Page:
She leaned into him with the side of her face pressed to his breast, and breathed carefully. He was still as magnificent as when they had met, all elegant features and perfectly placed hands, skin translucent like the sheen on a pearl. Rich mahogany locks fell past her eyes and she was jealous, a jealousy that burned straight down to her will to live – only to crumble into love.
“I was so ashamed, at first, when I couldn’t stop looking at you. Because I thought that you would never look at me.” She has told him this before.
He touched her shoulder, very tenderly, since that was the spot that felt cold at the moment. She wondered again about their children. Long gone, scattered pieces of their hearts – what was it about the half-elves that always made them go?
“You will have others after me,” she whispered, knowing it because it hurt. “Others, in other lives, because in your one life you have many lives when compared to me.”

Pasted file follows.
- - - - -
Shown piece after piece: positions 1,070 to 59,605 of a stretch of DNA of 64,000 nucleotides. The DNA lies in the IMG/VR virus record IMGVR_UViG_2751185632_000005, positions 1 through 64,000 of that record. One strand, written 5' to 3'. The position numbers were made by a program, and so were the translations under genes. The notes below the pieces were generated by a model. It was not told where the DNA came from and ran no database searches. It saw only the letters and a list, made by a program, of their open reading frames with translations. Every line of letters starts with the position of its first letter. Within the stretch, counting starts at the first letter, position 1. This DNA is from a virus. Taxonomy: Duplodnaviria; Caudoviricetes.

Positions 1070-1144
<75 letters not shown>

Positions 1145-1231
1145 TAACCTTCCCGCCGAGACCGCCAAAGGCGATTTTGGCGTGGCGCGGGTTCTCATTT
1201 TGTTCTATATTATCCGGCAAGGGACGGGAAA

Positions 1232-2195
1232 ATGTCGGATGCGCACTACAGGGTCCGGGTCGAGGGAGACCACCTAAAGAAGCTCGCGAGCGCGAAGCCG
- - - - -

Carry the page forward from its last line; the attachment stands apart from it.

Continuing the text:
His nose was near her hair and his lashes were lowered for he looked only at her. But because his eyes walked a different stream of time, he saw her as she had been when they met, he saw her as she was now, and he saw her as she would be in the grave. She was multifaceted and trembling and precious. He pressed his mouth to the top of her head and she couldn’t stop the tear that squeezed out.
“Normally,” she whispered, “normally we die knowing that the ones across from us are just gone, or are not far away. But I don’t have that with you. And you will have others.”
He was not like her, this was true. After a while he lifted his mouth, shifting to stroke her greyed hair with graceful fingers, and he told her that she did not understand. He would not have another.
And by his saying she did not understand she then understood. They went quiet, in waiting.
Elizabeth Cook, 2015